Almost in Love (Clover Park STUDS, Book 1) by Kylie Gilmore #Review

15 January, 2017




Pages -  321
Publisher -  Extra Fancy Books
Published -  February 24, 2015
Sold by -  Amazon
Author Page -  Link
Genre -  Contemporary, Romance
Series -  Clover Park STUDS 1-5
Sexual Content -  4/5
Language -  mild





Successful entrepreneur, Barry Furnukle, is ready to take things to the next level with the pink-haired neighbor he adores. But when his attempt to woo her with the world’s most “awesome” date (birding and fro-yo) lands him in the friend zone, he wonders if a guy like him ever had a chance.
On advice from his ladies’ man brother, Barry returns to his acting roots for a little confidence rehab. Suddenly, he’s got more female attention than he knows what to do with. But will his newfound popularity make him happy? Or will he finally release his inner stud to win the woman he can’t forget?




Let me begin by including a blurb from the author's Amazon buy page...

A humorous friends to lovers romance from USA Today bestselling author Kylie Gilmore.

...then point out two things: humorous and bestselling author.

I have no doubt about the latter as this was a relatively easy and surprisingly flawless read but with the redundancy overkill issue to make it just this side of annoying/insulting.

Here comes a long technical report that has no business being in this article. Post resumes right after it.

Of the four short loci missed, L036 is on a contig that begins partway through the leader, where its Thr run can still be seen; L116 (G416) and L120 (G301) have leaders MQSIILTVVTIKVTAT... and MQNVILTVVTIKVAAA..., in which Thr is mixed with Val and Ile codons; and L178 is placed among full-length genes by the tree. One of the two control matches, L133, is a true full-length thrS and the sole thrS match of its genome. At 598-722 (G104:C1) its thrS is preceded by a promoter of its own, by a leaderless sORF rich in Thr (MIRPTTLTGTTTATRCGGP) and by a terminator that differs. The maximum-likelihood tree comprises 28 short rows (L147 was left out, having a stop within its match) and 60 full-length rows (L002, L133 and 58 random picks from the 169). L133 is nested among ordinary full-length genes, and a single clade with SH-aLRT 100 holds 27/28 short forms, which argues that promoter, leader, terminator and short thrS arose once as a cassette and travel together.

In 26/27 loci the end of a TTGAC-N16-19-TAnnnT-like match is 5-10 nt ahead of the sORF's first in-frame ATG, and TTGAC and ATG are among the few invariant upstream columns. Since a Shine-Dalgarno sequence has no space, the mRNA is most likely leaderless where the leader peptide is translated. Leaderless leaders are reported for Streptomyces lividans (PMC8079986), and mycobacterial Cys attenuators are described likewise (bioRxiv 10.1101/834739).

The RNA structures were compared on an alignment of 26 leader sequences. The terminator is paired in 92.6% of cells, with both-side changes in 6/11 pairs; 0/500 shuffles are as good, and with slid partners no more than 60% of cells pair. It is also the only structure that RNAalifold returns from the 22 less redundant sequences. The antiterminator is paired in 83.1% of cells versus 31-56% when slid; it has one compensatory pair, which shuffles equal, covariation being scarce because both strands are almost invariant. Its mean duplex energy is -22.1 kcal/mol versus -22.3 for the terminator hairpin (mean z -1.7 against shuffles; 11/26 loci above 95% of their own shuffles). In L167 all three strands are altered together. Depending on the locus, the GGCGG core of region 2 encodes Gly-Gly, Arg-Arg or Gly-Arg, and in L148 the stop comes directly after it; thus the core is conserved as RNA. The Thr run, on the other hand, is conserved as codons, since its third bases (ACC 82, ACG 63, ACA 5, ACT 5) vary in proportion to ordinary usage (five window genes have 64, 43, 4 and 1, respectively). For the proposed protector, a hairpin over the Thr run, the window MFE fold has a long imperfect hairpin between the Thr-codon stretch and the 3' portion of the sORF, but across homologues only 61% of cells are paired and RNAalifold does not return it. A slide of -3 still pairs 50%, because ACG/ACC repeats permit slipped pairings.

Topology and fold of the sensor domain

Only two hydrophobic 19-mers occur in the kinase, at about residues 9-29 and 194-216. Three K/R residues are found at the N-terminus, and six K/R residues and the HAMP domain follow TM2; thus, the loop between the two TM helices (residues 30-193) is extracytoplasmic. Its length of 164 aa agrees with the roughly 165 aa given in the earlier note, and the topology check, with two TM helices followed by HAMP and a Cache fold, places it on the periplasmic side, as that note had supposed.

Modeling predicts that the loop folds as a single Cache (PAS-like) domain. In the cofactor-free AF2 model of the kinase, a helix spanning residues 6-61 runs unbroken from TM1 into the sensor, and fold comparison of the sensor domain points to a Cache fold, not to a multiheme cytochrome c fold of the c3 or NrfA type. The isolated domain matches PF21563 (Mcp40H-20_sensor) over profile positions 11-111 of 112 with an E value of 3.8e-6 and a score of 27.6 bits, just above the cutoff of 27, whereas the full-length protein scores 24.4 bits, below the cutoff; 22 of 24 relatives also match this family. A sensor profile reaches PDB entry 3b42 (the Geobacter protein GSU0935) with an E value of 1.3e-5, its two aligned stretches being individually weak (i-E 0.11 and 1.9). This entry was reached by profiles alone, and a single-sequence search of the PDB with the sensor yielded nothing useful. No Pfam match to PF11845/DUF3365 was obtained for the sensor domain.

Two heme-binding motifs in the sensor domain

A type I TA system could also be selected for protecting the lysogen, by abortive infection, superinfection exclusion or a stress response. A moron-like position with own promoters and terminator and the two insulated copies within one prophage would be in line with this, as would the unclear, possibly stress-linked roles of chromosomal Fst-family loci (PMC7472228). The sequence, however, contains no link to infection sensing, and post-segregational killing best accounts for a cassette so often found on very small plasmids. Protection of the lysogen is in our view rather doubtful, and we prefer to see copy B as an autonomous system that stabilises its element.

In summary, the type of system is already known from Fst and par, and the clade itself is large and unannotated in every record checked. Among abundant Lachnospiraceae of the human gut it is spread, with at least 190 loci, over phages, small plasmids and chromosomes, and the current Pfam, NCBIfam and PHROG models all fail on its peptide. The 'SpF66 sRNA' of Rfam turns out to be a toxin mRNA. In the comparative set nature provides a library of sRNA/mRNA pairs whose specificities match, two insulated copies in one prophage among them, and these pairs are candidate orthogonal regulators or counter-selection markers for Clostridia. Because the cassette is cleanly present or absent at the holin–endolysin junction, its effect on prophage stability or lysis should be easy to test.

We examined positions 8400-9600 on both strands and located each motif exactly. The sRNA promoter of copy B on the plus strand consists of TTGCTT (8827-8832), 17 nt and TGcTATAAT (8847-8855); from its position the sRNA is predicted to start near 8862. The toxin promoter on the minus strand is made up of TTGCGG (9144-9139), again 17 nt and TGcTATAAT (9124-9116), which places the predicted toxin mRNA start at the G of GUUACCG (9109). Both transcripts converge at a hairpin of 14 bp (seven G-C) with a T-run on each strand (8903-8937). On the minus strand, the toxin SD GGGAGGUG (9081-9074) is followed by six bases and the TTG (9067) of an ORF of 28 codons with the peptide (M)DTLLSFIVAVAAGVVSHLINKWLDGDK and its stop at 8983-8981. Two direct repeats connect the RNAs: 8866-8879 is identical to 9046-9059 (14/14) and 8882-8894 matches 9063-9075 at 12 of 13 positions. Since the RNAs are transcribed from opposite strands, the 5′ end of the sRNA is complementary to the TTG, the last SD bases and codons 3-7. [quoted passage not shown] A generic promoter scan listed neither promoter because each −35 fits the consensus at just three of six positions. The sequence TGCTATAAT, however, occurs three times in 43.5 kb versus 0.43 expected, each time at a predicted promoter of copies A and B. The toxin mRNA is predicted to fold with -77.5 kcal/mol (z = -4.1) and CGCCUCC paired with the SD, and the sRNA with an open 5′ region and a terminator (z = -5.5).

As for its being humorous?

Let me think.

You're either a comedian or you're not, and you're either great at execution or you never get it quite right.

And, when all else fails, the reader may find it funny. . .or not.

I wasn't particularly amused.

This read more like a trending Geek Romance than a humorous romp through Romance land, but props to the author for making me think one way and then believe something entirely different.

I love that in any story.

When I was introduced to Amber (h) as being pink-haired and on the arm of a biker dude, my inner voice let out a dull groan of disappointment.

But, Artsy Amber turned out to be someone completely different from what said mind had conjured up at the start.

Barry Furnukle (H) didn't strike me as being the H type, and with a stupid name, the inner groan grew louder.

But, the author managed to turn things around and make me LIKE the guy while also helping me to believe he is not only worthy and redeemable but an honest to goodness stud.

These two deserved one another, and once Barry (Bare) volunteered to try out for the lead in The Pirates of Penzance, the story took off.

However,

I was led to believe that Amber wouldn't fall for a Geek and that feeling remained up to the very end, which made it difficult to feel a love connection when the only thing Bare really had to offer was amazing sex.

And lots of money.

And a willingness to pursue despite a few hurdles being tossed at him along the way.

And once Barry became the lead Pirate in the play, Amber took a back seat in the story while falling for suddenly studly Barry Furnukle.

The Geek who danced an Irish Jig at a nightclub, who spent more than an hour showing her his favorite Birding spot without ever really noticing Amber's boredom, and who donned a female Cow costume, danced around inside his Frozen Yogurt store, and fell down in front of her and the customers.

Amber became shallow, and I kept waiting for Barry to get an over-sized ego from his sudden stardom and all the female attention it garnered.

And yes, these worrisome issues were mentioned in the story.